Trinity College Dublin Student Union’s (TCDSU) Electoral Commission has condemned the spread of misinformation about the referendum on the future of The University Times.
In an email statement to The University Times, the Chair of the Electoral Commission, Stephen Sheil, said: “It has been brought to our attention that there has been a circulation of false statements in regard to the Referenda. While this is out of our control we would wish to remind all students of the college’s Dignity and Respect Policy.”
This statement came in response to reports of a number of misleading messages circulating on WhatsApp over the last few days. The widely spread message states, falsely, that the referendum will put The University Times’s funding on par with Trinity News. However, in 2017, for example, Trinity News received almost €20,000 in funding for print including its sister publication TN2, and the Editor receives either on-campus accommodation funded by Trinity Publications or a monthly stipend. If the referendum passes, The University Times will receive just €3,000 per year.
A statement published on the Save UT. Vote No campaign page said: “We have been made aware of a number of cynical, misleading messages circulating within WhatsApp groups in relation to this referendum. These messages contain a huge number of false claims about UT and are clearly designed to manipulate the results of the vote.”
“We live in an age when false information can spread incredibly quickly. This can influence public opinion and by extension a democratic vote. Everyone knows the role played by falsehoods and online lies in recent elections and referendums around the world. It is exceptionally concerning that these trends are now beginning to appear in Trinity. We urge you to make your decision based on accurate information, rather than malicious falsehoods”, the statement read.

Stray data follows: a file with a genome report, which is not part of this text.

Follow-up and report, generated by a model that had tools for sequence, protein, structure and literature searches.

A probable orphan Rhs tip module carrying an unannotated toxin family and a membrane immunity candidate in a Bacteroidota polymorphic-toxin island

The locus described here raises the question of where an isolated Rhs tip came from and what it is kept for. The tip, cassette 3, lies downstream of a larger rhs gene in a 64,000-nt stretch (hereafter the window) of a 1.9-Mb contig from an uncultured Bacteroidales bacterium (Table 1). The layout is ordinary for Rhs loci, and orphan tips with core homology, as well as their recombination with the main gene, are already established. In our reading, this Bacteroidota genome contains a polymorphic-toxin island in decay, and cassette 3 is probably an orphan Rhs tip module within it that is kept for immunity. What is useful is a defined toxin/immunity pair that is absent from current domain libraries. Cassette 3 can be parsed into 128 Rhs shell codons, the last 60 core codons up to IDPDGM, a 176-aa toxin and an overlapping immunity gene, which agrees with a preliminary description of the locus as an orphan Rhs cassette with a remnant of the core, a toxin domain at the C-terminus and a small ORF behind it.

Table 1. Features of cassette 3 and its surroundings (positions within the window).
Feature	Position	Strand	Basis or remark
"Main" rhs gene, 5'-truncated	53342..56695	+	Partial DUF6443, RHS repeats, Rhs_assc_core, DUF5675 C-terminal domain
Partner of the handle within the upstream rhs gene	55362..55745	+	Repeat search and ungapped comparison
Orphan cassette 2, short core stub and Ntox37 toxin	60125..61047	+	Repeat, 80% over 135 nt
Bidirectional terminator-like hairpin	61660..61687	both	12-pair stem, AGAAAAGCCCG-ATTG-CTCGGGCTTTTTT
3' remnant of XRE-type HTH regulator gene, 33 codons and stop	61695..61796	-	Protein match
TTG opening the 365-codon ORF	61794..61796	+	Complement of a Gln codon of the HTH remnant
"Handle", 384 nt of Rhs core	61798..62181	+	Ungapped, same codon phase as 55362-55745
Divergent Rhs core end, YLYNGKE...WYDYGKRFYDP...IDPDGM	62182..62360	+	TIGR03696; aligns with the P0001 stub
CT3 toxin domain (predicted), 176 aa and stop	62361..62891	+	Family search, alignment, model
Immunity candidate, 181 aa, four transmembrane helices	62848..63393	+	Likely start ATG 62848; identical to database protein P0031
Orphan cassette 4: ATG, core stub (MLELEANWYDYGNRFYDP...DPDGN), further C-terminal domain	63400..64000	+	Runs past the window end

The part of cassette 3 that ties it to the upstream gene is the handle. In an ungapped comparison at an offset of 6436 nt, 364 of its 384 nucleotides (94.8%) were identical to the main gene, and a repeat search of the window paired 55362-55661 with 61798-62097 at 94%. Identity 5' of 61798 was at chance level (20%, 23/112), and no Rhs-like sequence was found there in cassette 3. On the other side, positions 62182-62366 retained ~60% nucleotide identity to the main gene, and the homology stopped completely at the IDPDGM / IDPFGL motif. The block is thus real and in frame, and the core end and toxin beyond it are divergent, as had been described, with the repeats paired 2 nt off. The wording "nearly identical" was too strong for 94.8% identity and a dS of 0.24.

The message also falsely states that the Junior Dean has finished the investigation into the Knights of the Campanile’s initiation ceremony, finding no evidence of hazing. The Junior Dean failed to request evidence from The University Times’s reporters and has yet to listen to the recording of the evening in question. The decision to close the investigation is being appealed.
The message speaks about legal opinions on The University Times’s reporting of the Knights of the Campanile’s hazing, falsely stating that there had been “overwhelming legal advice” that found that the paper had acted illegally. The campaign responded to such claims in its statement, saying: “Significant debate exists among legal experts on the issue. Not only did former Attorney General Michael McDowell say that the arguments of the Trinity law professors would not stand up in court, but so did Andrea Martin, an internationally renowned media lawyer.”
The Student Conduct and Capacity Committee, one of the College’s most important disciplinary committees, will now consider this appeal and hold a full hearing.
Voting in the referendum on the future of The University Times closes today at 5pm. The vote is being held alongside the Graduate Students’ Union (GSU) elections and another referendum on shortening the term of the TCDSU Entertainments Officer.